With the Olympics starting in just nine days, athletes have begun traveling to Japan. Ducks Cole Hocker and Micah Williams talked about their experiences and preparation in the lead up to the Games, as well as the lingering threat of COVID-19 in Japan.
“I’m interested how locked down it’s going to be,” first time Olympian Cole Hocker said. “It’s all gonna be new. I’m just gonna roll with it."
As a college sophomore, Hocker recorded the fourth fastest 1500m in collegiate history, when he ran a 3:35.35 in the 2021 NCAA National Championships in Eugene.
Hocker qualified for the Olympics after a first place finish at the Olympic Trials for the 1,500 meters, finishing with a time of 3:35.28. Hocker, who spent a majority of the race boxed in, found a gap during the last lap and used it to pass defending Olympian Matthew Centrowitz in the final 50 meters of the race to win by 0.6 seconds.
Cole Hocker discussed how athletes will be subject to a COVID test 48 and 72 hours before their flight, as well as another COVID-19 screening test.
Although Japan declared a state of emergency in wake of a recent surge of COVID-19 cases, Hocker trusts the protocols in place to keep the athletes safe, regardless of vaccination status.
“I’m not vaccinated, but I feel content with that decision,” he said. “I’m not too worried about it.”
Fellow Olympian Micah Williams also discussed the impact of the pandemic on his first Olympic games, and how it might’ve differed from other experiences he has had.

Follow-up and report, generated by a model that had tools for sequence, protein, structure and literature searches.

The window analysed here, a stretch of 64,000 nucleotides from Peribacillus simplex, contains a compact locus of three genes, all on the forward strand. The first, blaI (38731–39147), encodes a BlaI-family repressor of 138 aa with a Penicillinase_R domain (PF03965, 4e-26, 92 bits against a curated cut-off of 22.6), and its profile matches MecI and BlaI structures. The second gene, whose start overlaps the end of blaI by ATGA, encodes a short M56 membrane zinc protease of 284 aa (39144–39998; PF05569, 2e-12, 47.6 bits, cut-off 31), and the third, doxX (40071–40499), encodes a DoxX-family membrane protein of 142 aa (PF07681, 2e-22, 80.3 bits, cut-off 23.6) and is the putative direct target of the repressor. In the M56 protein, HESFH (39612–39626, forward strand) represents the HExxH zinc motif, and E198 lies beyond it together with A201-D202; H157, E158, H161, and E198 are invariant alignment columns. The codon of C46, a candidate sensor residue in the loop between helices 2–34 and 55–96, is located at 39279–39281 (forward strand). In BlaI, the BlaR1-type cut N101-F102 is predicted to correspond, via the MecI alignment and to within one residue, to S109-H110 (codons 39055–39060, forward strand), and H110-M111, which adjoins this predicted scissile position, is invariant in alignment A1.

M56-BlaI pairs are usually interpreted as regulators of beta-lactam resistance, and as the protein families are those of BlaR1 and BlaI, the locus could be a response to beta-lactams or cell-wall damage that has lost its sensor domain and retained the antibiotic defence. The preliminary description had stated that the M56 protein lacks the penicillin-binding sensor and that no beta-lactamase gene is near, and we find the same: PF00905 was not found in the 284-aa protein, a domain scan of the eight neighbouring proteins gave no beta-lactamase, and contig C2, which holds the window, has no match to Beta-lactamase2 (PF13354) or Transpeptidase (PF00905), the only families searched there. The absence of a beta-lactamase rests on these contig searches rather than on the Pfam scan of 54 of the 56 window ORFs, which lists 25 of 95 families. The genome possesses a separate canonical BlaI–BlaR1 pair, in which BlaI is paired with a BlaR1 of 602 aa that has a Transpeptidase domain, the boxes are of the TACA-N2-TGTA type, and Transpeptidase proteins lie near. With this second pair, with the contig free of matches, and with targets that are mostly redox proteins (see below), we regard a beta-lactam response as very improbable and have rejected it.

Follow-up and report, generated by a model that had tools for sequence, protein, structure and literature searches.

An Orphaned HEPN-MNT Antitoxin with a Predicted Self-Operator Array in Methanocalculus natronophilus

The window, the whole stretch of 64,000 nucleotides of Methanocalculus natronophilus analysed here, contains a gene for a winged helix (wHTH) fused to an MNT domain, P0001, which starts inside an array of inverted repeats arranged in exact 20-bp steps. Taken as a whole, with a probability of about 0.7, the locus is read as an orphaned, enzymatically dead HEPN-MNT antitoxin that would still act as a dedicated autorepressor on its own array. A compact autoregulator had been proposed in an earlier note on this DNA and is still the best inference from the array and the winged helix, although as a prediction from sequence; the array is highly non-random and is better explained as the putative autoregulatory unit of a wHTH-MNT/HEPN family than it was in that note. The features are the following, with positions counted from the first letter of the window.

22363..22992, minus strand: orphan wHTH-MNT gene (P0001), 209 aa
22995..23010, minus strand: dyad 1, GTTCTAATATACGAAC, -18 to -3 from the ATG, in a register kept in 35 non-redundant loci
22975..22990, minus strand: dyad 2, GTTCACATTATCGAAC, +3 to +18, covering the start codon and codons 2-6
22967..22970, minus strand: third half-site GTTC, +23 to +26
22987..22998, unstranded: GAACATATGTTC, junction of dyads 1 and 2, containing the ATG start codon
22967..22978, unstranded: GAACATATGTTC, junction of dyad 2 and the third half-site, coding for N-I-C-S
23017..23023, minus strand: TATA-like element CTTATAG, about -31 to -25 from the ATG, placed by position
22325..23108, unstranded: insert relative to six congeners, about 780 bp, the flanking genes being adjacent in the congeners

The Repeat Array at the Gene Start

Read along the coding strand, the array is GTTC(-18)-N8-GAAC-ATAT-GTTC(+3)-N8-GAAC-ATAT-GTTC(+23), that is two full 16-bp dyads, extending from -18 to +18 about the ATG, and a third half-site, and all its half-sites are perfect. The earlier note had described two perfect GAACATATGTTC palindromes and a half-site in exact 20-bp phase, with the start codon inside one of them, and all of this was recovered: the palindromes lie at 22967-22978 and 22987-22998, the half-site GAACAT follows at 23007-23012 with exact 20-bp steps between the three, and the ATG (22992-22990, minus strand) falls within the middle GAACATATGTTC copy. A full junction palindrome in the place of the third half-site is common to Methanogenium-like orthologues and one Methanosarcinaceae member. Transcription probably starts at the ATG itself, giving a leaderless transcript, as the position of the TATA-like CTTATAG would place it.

“With COVID-19, it’s a really different experience,” he said. “There’s no relay camp… We’ll just see how it goes when we get there.”
As a freshman, Micah Williams has already made a splash at the University of Oregon. He set a record at the Championships at the Peak meet where he broke the school record indoor 60-meter dash with a time of 6.49.
Williams earned his spot on the Olympic team by finishing fifth in the 100-meter final. At just 19 years old, he broke another school record, for his 100-meter time. It was set by Cravon Gillespie in 2019 when Gillespie ran a 9.93 in the 100-meter. With a time of 9.91, Williams is now the record holder.
“I trust (team) USA... They take every detail the Japan[ese] government says and make sure it’s right, ” Williams said. “I think we'll all be good for sure going into Tokyo.”
Despite so much uncertainty, as teams will do their best to keep themselves safe, both athletes are prepared to do whatever they can to find success.
“I’m ready for whatever,” Hocker said. “I think I’ve got as good a shot as anyone.”
The 2021 Olympics start on July 23, with the track and field events starting on July 30.